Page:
The state and central governments of our country should take necessary steps to improve agriculture in India. It is essential to increase the production of food grains and other cash crops. To achieve this aim, a programme was devised through the Five Year Plans.
It included the following:
i. To develop various means of irrigation, so that more land could be brought under agriculture.
ii. To increase the availability of chemical fertilisers at subsidised rates, either through production or through imports.
iii. To develop and produce new hybrid varieties of seeds, which will help in increasing the yield of various crops.
iv. The government would fix a minimum purchase price for various crops every year.
v. To provide adequate and timely loans to farmers, on easy terms, to buy farm machinery and other agricultural items.
vi. To help protect standing crops from pests, diseases and natural hazards, such as floods, droughts and cyclones.
vii. To educate and help farmers through specially developed programmes on radio and television.
viii. To set up demonstration farms, so that the farmers can learn and adopt new, suitable and latest farming techniques.
ix. The government should provide adequate diesel, electricity and water at highly subsidised rates.
x. Encourage the farmers to adopt mixed farming and work in cottage industries in their free time.
This has resulted in increasing the agricultural production in many parts of India. A new package of agricultural practices was introduced in 1967. This package in India is known as the Green Revolution. It was initially introduced to the Indian scientists by Dr Norman Earnest Borlaug in 1963. The yield of dwarf and semi-dwarf varieties of wheat was about four times the yield from local varieties.
Green Revolution is a phrase, generally used to describe the spectacular increase in the production of food grains, especially wheat in India. As a result of this, our country not only became self-sufficient in food production, but also exported some food grains for the first time in 1977. It has the following components:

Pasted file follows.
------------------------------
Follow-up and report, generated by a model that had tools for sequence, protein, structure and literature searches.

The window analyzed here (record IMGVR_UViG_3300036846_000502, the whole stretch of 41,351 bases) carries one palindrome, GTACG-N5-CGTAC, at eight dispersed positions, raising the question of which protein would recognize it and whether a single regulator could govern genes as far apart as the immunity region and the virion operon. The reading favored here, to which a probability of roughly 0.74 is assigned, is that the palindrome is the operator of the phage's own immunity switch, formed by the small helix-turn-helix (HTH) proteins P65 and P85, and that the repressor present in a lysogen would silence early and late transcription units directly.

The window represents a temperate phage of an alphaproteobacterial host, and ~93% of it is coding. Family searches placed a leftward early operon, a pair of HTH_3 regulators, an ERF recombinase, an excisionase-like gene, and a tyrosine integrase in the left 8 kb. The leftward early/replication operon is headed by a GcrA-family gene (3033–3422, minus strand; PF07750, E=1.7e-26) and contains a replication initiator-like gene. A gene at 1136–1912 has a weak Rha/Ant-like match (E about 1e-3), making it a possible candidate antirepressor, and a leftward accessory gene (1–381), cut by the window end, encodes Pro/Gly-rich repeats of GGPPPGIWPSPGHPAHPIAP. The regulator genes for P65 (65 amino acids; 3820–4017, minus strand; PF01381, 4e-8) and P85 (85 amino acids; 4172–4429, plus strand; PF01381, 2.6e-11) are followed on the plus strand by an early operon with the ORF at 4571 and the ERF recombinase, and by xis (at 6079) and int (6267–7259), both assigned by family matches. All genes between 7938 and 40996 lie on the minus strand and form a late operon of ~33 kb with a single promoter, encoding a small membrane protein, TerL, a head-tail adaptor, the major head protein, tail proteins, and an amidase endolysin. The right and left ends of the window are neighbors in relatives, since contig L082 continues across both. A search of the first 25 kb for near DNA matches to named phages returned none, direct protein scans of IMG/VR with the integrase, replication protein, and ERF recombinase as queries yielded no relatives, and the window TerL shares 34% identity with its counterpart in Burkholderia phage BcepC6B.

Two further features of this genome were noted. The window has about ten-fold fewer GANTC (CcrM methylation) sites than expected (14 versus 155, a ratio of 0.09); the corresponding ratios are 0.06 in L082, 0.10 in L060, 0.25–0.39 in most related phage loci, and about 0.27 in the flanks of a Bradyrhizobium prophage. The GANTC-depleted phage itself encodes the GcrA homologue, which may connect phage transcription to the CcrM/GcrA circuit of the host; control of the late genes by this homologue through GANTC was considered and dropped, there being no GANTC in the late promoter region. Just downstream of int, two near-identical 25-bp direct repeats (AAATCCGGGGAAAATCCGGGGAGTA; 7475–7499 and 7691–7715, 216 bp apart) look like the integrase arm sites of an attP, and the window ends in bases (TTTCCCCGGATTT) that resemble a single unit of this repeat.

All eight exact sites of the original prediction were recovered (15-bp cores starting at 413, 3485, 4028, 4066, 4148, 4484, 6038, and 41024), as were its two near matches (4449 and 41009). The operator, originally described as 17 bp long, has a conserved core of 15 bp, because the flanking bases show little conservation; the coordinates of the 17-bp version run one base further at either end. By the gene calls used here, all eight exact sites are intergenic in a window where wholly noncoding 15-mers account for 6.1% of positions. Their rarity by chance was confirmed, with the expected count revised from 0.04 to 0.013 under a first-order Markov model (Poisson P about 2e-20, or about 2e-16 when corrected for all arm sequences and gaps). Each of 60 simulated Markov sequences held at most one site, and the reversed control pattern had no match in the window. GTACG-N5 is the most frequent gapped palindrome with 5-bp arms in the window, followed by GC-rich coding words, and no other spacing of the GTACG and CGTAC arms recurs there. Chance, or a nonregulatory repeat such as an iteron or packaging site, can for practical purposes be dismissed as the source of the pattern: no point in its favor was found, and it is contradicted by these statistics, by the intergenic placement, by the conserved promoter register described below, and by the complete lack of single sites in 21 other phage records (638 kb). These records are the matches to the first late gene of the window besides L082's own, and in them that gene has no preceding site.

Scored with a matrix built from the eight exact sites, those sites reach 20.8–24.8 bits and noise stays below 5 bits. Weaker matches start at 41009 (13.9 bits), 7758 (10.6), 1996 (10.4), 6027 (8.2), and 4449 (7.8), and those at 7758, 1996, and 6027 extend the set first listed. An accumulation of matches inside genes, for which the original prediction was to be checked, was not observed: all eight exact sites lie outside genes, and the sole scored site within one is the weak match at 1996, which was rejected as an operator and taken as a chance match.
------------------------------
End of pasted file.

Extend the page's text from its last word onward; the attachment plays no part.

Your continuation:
i. Large-scale use of high-yielding varieties of seeds.
ii. Development of irrigation facilities.
iii. Large-scale use of chemical fertilisers.
iv. Widespread use of insecticides and pesticides.
v. Consolidation of fragmented land holdings.
vi. Land reforms to save the small farmers from exploitation.
vii. Supply of agricultural credit to buy inputs.
viii. Rural electrification to supply cheap power.
ix. Farm mechanization with the help of government.
x. Building roads to link the villages with commercial centres.
xi. Coordination between agricultural universities and farmers.
xii. The Command Area Development with irrigation projects.
It should be understood that most of the components are closely inter-related and are dependent upon one another. The quick maturing varieties help farmers to grow more than one crop in a year and that too on the same piece of land.
Unfortunately, Green Revolution left its impact only in Punjab, Haryana and western Uttar Pradesh in respect of wheat production and Andhra Pradesh and Tamil Nadu in case of rice production. There seems to be no valid reason why other states in India cannot adopt and get benefited from the Green Revolution.